Then the blackened carcass is scraped and scrubbed clean with a stiff brush in a bucket of water.

This is the end of the pig being a complete animal.

The head is cut off to be used in a couple of dishes later in the morning

The work of breaking the carcass down begins once the intestines have been carefully removed

to be cooked up to make fresh offal sausage later

The caul fat is also kept for cooking, just like everything else.

The big red pan is water boiling with garlic to which the chef adds the lumps of coagulated blood, then stirs gently to make sure it doesn't all break up. Once the blood is cooked with some onions and the brains too, a generous dollop of  lard is added to finish.

Breakfast is served - it was incredibly good to eat and very rich. One of the world's most amazing breakfasts

The butcher and his assistant brought the carcass inside to break it down with impressive skill into the various cuts of meat.

Outside over a sort of kettle drum fire chef had lots of pans bubbling away, including one with all the bits from the head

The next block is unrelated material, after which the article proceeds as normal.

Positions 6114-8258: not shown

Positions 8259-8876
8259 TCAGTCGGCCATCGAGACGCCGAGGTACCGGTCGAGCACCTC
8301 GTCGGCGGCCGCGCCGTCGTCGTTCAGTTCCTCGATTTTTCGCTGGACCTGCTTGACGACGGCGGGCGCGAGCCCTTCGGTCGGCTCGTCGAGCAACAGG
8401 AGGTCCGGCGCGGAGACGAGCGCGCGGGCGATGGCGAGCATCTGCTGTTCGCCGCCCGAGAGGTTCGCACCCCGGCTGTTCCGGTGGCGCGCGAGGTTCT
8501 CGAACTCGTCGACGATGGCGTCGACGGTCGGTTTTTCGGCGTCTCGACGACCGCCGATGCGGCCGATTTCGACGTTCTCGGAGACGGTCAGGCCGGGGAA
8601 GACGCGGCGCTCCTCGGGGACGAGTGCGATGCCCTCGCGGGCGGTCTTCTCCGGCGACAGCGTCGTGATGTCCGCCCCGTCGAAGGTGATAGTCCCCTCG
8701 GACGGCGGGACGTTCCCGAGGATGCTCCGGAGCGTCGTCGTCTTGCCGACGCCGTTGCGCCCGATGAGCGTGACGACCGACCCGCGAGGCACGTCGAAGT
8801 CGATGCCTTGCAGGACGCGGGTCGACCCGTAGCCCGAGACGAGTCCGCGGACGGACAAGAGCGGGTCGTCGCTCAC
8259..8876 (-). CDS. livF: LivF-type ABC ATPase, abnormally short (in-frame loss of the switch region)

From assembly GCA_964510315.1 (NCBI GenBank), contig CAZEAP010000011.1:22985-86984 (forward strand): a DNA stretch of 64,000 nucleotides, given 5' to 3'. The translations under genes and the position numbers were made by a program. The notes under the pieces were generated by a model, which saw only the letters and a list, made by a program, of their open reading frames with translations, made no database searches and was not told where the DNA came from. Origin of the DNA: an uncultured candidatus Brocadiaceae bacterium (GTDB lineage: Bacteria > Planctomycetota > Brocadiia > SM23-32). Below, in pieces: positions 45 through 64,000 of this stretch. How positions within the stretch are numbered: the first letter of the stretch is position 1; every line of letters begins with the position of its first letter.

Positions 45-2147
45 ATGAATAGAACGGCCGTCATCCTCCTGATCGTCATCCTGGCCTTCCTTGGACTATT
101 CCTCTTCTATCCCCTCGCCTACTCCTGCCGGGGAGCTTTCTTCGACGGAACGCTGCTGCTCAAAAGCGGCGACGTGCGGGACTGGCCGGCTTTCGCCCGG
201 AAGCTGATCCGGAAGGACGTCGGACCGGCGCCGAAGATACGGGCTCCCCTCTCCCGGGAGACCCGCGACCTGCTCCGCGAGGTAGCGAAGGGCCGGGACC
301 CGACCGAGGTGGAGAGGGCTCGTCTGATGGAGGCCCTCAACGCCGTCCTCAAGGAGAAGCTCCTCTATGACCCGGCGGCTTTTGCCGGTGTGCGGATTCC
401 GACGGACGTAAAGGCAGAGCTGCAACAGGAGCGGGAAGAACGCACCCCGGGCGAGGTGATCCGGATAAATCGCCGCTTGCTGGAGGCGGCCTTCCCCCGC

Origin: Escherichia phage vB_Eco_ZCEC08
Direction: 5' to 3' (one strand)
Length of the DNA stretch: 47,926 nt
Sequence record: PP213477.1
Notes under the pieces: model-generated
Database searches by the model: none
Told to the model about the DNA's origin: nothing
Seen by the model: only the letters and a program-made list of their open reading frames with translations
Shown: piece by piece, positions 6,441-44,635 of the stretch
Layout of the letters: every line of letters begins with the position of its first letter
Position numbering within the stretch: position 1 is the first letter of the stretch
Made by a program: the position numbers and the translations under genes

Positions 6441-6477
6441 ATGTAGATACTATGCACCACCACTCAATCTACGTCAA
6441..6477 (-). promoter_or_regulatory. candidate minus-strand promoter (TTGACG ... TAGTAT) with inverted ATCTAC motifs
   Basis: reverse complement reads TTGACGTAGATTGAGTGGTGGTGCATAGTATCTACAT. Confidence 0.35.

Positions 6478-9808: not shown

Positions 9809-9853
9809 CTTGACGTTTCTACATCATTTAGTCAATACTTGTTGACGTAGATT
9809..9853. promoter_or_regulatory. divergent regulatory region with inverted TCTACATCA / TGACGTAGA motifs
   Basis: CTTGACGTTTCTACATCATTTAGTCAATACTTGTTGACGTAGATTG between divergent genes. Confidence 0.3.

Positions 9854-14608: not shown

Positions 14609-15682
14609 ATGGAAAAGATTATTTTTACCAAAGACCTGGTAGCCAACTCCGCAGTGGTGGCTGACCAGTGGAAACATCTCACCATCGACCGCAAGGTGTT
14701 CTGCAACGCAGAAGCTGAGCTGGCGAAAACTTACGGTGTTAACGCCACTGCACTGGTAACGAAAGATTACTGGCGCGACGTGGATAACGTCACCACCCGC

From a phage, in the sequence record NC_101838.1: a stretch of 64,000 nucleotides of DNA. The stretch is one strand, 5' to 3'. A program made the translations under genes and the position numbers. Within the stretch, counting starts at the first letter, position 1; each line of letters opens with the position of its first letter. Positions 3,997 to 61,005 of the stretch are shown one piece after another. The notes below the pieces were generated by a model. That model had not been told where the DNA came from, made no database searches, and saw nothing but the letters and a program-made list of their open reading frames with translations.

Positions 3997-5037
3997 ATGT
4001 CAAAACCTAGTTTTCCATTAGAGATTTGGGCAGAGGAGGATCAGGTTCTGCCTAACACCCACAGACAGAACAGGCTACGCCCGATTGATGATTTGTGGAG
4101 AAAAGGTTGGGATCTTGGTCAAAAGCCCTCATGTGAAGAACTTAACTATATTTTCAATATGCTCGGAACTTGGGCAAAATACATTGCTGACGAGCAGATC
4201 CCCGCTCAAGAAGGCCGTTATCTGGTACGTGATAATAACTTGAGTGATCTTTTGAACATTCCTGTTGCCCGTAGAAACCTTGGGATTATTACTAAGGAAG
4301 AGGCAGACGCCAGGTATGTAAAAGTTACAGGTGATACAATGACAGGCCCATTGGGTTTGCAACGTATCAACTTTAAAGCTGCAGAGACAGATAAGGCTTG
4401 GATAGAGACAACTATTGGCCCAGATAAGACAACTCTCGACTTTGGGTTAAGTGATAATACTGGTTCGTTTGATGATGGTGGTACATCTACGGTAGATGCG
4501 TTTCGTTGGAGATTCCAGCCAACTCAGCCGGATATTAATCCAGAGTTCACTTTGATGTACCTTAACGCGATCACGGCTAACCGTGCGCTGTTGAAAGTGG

it was chopped and mixed with lots of paprika it was stuffed into the pig's stomach

Then sewn up with needle and thread to safely encase all the meat.

It was boiled again for an hour or more and then, once cooled, it was pressed to make a sort of Hungarian brawn

The butchery was noticably different to the way pigs are broken down in England. All the meat is very lean - all fat is stripped off, including from the hams. Its kept to get the family through the winter - there is no other source of oil or fat available for cooking, so the primary purpose of raising pigs is for their fabulous lard.

There was plenty of it, though normally this pig would have been fattened further and then killed later in the year once winter was underway,

All the meat we didn't eat on the day was given to the local old people's home for the winter.

The hams were put to soak in water, salt and masses of garlic. They will be turned daily for three or four weeks till they are cured. Then - the vagaries of  Customs allowing - they will be shipped to Peckham to be served in some style at Peckham Bazaar.

Some of the fat was diced into sort of uber fatty lardon and then heated in a huge pan to be stirred with an enormous stick for a couple of hours.